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Booking travel: You're doing it wrong.
It took time after the recession, but Americans are traveling more these days. Leisure travel is expected to rise 1.9 percent this year, to more than 1.63 billion trips, according to the U.S. Travel Association. But travel costs are rising, too, with the average airfare creeping closer to the $400 mark and PKF Hospitality Research predicting hotels' profits will surpass their prerecession peak this year.
"You really have to fight for the cheap fares," said Tom Parsons, chief executive of BestFares.com. It's not just about when you fly or how early you book, although those tried-and-true strategies can make a serious dent in the cost of your summer vacation. (For perspective, high demand this year could mean that vacationers booking their summer trip after early May will pay premiums of $200 or more, depending on the destination, he said.)
To get the best deal on travel, it's time to add a few new booking tricks to your hunt:
1) Search solo
A quirk of travel-booking systems is that they will show the lowest fare available to seat your entire party, said Rick Seaney, chief executive of FareCompare.com. "Everyone's fare is the same price," he said. So if there are two of the very cheapest seats left, one that's a little more expensive and four that are pricier still, it's only that last option that will show up in your family of four's search. Start your search for a party of one, and then scale it up until prices change. So long as you don't mind booking the seats in several transactions, you could save by snaring cheaper fares for a few people in your party. (Doing so doesn't make it any harder to find seats together, Seaney said.)
2) Stack rewards
There are often-missed opportunities here to double, triple or even quadruple dip. For starters, there are the free reward programs offered by the hotel, car rental company or airline. Then there are rewards from the travel booking site, which are increasingly robust. Hotels.com offers a free night for every 10 booked; Expedia awards two points per dollar spent. Some online malls operated by the airlines and other deal sites like Ebates.com, offer extra cash back when you link through them to book. At FatWallet.com, you'll get up to 5 percent cash for bookings on Priceline and 6.5 percent on Travelocity, among other deals. And finally, there are extra points, miles or cash back to be had booking with a rewards credit card.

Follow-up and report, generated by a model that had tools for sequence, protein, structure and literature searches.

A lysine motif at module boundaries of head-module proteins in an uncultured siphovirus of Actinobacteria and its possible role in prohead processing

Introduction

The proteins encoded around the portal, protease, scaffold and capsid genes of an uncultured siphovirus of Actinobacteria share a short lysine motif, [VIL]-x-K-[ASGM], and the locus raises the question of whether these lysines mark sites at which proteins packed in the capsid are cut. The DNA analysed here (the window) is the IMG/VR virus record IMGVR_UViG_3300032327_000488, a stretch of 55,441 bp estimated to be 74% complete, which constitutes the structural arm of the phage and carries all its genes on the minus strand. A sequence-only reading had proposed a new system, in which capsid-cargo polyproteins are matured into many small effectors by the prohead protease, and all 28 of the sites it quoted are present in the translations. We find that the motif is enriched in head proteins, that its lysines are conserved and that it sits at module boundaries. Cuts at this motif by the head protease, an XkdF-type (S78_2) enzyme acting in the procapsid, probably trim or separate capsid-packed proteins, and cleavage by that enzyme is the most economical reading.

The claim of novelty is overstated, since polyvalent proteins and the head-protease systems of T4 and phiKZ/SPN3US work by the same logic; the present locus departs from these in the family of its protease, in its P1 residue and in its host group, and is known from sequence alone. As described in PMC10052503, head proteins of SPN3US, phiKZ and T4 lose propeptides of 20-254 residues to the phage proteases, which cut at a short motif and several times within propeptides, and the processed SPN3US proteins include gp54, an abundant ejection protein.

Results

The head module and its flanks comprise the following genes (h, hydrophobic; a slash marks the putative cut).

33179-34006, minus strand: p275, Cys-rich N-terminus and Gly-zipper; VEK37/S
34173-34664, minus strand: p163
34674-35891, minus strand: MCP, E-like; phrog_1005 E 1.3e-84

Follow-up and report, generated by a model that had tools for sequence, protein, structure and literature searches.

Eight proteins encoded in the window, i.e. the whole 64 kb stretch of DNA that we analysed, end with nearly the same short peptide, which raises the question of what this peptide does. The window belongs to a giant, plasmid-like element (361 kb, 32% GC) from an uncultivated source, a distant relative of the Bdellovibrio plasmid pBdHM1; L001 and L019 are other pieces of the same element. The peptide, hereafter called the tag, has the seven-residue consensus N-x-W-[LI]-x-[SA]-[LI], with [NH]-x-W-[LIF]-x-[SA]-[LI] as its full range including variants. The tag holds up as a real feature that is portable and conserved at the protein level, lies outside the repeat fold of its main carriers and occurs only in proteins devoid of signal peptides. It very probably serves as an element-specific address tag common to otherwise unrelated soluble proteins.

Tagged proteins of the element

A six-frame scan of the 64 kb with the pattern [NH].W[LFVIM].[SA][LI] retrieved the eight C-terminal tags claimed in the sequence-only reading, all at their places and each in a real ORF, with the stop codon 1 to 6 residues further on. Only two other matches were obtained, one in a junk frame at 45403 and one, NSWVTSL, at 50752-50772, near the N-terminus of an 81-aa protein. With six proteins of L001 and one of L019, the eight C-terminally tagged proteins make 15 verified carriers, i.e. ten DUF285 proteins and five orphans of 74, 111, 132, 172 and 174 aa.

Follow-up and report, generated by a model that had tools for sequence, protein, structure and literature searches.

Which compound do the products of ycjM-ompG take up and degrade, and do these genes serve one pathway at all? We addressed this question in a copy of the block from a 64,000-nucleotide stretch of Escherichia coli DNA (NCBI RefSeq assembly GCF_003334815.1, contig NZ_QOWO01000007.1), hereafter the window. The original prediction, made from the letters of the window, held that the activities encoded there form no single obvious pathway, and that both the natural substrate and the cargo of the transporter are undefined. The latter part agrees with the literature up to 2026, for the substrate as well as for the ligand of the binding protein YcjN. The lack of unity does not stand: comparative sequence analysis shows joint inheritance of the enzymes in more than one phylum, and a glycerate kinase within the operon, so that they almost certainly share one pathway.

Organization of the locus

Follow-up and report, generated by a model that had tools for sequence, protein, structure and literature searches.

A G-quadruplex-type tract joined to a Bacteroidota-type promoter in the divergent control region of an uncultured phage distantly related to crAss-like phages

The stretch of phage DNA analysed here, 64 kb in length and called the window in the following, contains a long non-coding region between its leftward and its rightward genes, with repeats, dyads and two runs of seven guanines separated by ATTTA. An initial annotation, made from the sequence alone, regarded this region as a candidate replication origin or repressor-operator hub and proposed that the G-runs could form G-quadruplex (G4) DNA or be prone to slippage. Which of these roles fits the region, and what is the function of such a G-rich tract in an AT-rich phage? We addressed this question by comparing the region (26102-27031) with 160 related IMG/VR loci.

3) Hunt for coupons
Before you book, check for airline, hotel and booking site coupon codes. JetBlue offers weekly "cheeps" on Twitter under the handle @JetBlueCheeps, and many other airlines offer regular deals through their email newsletters and websites, said Anne Banas, executive editor for SmarterTravel.com. "That can help you shave off some dollars," she said. Other codes offer to double or triple reward bonuses that would normally be earned on the booking, a boon for travelers angling for a free flight or hotel stay.
4) Time your hunt
Data from FareCompare.com has found that the pool of cheap seats in the system is highest on Tuesday afternoons. "Around two-thirds of sales occur Monday night, and airlines scramble to match them Tuesday," Seaney said. It's no guarantee of a cheap fare, but it can't hurt to try.
5) Be truly flexible
The newest crop of booking engines aims to help travelers who don't have a destination in mind, Banas said. On sites such as Adioso and Google Flights, their search results show the best current fares out of your home airport over a given time frame.
6) Capitalize on price drops
Not certain you're getting the best deal? Some sites are set up to help you get a refund. Booking site Tingo.com scans prices and automatically rebooks hotel stays if it spots a better price, sending you a credit for the price difference. There's also Yapta, which sends an alert after a booked airfare's price drops, offering tips and airline policies to help secure a credit for the difference. (A word of caution: Airline change fees of up to $200 and restrictive policies often make reimbursement tough.)